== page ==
Memos from Asia

Pakistan’s Fight Against COVID-19

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COVID 19, the global virus pandemic, has spread with alarming speed in the entire world.

Even more challenging is for the developing countries where hunger, poverty, and unemployment is prevalent.

Pakistan has fortunately seen reduced reported cases in the last few weeks by imposing its Smart Lockdown across the country.

Non local laborers and migrant workers queue outside SDM office Mendar Jammu and kasmir to get essentials for life sustaining during 21 days lockdown

But it is still too early to celebrate its victory against COVID 19.

Covid-19 has depicted the real image of the healthcare system

The pandemic poses a serious threat to the government and the weak health care system of the country.

The early lockdown has caused serious economic, health, and lifestyle issues to the citizens.

The Health experts across Pakistan have been asking for a strict lockdown from the start of the first reported cases.

Ehsaas program providing relief to the poor section of the society

The PM Imran Khan introduced the initiative of the Ehsaas Emergency Cash financial relief Program to address the financial needs of the vulnerable segments of society, such as day laborers and piece-rate workers.

Ehsaas Emergency Cash program has been launched on April 1, 2020. It provides cash assistance of Rs 12,000 monthly, to those rendered jobless amidst the lockdown.

This program has been proved successful in removing some obstacles for the poor, but COVID-19 has rendered many people jobless.

Pakistan’s unemployment rate is predicted to rise amid COVID-19 crisis

In the wake of the pandemic, thousands of daily wage earners faced drastic income losses.

The domestic workers have been rendered jobless, even many people refused to pay them their monthly salary, increasing their burdens.

Over a quarter of citizens have been fired or suspended from their jobs in various sectors.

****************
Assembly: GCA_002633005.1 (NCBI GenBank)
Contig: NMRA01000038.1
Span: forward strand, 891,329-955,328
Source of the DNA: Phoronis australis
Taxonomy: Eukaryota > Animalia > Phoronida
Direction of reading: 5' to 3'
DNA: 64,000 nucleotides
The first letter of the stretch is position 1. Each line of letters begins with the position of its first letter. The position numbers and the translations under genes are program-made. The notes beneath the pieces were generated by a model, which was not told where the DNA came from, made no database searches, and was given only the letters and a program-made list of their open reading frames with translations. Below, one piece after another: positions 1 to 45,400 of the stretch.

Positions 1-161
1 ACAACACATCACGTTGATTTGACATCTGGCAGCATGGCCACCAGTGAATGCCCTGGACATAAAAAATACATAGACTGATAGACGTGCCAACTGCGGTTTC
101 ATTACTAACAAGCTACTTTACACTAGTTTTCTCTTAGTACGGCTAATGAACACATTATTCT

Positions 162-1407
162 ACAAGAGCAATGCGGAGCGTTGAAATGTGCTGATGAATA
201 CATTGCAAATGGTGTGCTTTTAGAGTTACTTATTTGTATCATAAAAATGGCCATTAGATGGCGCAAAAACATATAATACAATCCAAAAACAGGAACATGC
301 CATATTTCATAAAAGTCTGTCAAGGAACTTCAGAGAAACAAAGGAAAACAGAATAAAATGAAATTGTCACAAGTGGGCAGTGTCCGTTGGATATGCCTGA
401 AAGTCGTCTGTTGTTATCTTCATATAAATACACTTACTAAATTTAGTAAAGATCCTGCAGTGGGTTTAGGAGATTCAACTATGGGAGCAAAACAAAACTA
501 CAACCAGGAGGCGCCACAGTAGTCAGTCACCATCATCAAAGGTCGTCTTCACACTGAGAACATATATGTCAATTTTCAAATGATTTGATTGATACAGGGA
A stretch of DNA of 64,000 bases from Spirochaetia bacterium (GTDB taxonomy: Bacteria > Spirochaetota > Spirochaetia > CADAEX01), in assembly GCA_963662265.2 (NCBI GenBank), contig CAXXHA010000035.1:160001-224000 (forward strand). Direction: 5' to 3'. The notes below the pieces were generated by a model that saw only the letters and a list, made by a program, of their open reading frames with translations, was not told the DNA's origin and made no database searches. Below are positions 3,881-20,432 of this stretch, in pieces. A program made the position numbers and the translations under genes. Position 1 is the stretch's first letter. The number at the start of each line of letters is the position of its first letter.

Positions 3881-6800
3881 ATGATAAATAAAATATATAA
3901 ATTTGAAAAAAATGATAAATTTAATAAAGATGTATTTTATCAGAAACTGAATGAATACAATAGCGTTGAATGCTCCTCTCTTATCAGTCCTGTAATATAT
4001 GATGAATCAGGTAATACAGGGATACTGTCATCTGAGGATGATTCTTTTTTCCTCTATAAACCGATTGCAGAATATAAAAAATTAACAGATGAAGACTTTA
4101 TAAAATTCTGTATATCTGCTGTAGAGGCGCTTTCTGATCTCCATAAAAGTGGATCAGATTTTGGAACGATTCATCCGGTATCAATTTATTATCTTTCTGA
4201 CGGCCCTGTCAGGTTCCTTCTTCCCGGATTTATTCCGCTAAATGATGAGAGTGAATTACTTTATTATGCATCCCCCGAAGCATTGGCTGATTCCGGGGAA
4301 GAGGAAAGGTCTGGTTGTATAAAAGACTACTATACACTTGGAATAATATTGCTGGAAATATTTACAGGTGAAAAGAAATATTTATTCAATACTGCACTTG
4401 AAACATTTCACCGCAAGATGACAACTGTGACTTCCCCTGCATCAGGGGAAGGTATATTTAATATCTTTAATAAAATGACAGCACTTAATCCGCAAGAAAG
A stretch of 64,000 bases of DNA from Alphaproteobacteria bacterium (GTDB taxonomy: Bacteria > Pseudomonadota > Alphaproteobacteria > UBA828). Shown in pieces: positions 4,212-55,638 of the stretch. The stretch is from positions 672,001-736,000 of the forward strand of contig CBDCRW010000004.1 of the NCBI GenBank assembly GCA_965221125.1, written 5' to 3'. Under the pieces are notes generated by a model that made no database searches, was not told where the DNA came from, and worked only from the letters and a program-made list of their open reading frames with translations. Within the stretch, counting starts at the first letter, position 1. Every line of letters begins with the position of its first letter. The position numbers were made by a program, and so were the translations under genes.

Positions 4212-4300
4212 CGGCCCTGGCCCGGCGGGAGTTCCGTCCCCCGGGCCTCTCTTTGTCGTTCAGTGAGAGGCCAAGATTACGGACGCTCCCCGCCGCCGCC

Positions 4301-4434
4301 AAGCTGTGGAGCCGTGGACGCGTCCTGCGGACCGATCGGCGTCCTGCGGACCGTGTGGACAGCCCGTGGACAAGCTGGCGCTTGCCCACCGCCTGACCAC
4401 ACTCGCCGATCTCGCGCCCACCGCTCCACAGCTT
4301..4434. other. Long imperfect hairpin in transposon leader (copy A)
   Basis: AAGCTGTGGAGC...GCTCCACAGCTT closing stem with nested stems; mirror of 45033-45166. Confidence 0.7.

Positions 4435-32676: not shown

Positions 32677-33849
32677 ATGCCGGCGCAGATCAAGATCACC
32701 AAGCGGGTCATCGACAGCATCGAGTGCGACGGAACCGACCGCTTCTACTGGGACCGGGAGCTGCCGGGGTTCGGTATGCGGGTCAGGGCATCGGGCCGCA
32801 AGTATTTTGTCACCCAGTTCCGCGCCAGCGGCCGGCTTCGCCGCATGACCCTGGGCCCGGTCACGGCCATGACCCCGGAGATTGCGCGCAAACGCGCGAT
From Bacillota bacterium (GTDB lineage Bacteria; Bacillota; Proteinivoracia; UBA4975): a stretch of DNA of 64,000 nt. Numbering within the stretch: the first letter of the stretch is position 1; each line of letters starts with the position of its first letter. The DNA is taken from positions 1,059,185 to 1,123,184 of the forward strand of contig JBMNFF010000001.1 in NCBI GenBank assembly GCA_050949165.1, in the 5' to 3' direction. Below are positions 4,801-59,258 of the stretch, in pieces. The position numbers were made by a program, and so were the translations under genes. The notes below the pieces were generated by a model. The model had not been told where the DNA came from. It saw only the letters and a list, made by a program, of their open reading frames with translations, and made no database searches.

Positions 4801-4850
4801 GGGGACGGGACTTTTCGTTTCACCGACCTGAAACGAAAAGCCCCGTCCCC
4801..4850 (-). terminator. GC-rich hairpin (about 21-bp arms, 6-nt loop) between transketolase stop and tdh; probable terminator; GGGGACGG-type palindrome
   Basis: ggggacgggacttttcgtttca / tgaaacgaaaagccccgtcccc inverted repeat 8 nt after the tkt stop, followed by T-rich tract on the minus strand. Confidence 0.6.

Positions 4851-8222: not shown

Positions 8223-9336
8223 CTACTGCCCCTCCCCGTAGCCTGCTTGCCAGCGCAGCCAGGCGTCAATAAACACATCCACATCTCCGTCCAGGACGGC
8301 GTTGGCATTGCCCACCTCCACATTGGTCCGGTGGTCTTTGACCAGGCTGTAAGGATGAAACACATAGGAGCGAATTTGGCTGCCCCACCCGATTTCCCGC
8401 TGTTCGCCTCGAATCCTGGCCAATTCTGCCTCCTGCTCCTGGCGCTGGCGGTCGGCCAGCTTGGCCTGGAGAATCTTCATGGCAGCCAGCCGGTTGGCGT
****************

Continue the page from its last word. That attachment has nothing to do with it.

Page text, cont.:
Load shedding has made the quarantine worse for the Pakistanis

Load Shedding and power blackouts have become severe and are frequent in Pakistan.

Those who are even working from home are facing multiple challenges and difficulties in carrying out their duties from home.

Working from home is also not easy in Pakistan.

The power infrastructure remains so vulnerable that it cannot even withstand a very small amount of rain.

The education sector facing major challenges

In Pakistan, over 300,000 schools have been closed since March due to the coronavirus outbreak.

Schools were initially scheduled to reopen on 15 July, but government officials have now said they will reopen on 15 September.

Not all households and students can afford cell phones and laptops in Pakistan.

Only one million school-age children have regular access to digital devices.

Even the internet connection is very poor in the rural and remote areas of the country.

About an estimated 22.8 million children aged 5-16 are out-of-school in the country.

Many universities have been holding online classes, but they have not been proven effective for the students.

Over hundreds of students across Pakistan have protested against the government’s decision that universities hold online classes.

Poor internet services and sudden electricity shortages remain a major problem for teachers and students attending online classes.

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